The most frequently occurring abbreviations and acronyms from 352 267 dictated clinical notes were used to create a clinical sense inventory. Senses of each abbreviation and acronym were manually annotated from 500 random instances and lexically matched with long forms within the Unified Medical Language System (UMLS V.2011AB), Another Database of Abbreviations in Medline (ADAM), and Stedman's Dictionary, Medical Abbreviations, Acronyms & Symbols, 4th edition (Stedman's). Redundant long forms were merged after they were lexically normalized using Lexical Variant Generation (LVG).
The clinical sense inventory was found to have skewed sense distributions, practice-specific senses, and incorrect uses. Of 440 abbreviations and acronyms analyzed in this study, 949 long forms were identified in clinical notes. This set was mapped to 17 359, 5233, and 4879 long forms in UMLS, ADAM, and Stedman's, respectively. After merging long forms, only 2.3% matched across all medical resources. The UMLS, ADAM, and Stedman's covered 5.7%, 8.4%, and 11% of the merged clinical long forms, respectively. The sense inventory of clinical abbreviations and acronyms and anonymized datasets generated from this study are available for public use at (‘Sense Inventories’, website).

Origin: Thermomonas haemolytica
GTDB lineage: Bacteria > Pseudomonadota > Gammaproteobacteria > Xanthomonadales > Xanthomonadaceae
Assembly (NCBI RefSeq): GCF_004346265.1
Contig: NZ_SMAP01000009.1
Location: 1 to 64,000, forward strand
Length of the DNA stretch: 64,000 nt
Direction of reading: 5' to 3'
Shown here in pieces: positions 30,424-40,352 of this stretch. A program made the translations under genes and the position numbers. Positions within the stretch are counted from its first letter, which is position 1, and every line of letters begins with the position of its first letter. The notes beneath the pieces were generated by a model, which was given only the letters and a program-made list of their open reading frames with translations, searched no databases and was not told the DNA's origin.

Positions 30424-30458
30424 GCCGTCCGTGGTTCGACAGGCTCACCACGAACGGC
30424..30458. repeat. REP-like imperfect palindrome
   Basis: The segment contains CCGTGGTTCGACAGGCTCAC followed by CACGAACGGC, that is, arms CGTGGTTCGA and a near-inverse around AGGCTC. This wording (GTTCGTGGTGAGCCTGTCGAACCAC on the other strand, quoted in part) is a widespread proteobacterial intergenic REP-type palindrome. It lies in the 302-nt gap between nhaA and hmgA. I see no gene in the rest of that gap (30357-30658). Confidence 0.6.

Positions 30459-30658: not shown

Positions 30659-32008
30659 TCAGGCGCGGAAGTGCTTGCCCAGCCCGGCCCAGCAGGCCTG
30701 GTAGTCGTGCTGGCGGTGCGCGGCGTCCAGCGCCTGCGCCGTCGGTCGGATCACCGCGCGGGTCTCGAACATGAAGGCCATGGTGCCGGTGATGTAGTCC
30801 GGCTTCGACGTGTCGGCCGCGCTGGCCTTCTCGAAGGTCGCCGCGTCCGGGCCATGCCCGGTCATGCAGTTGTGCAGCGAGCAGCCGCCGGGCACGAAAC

Clinical sense inventories of abbreviations and acronyms created using clinical notes and medical dictionary resources demonstrate challenges with term coverage and resource integration. Further work is needed to help with standardizing abbreviations and acronyms in clinical care and biomedicine to facilitate automated processes such as text-mining and information extraction.
PMCID: PMC3932450  PMID: 23813539
Abbreviations as Topic*; Medical Records*; Natural Language Processing*; Word sense disambiguation; Clinical sense inventory
3.  Combining Corpus-derived Sense Profiles with Estimated Frequency Information to Disambiguate Clinical Abbreviations 
AMIA Annual Symposium Proceedings  2012;2012:1004-1013.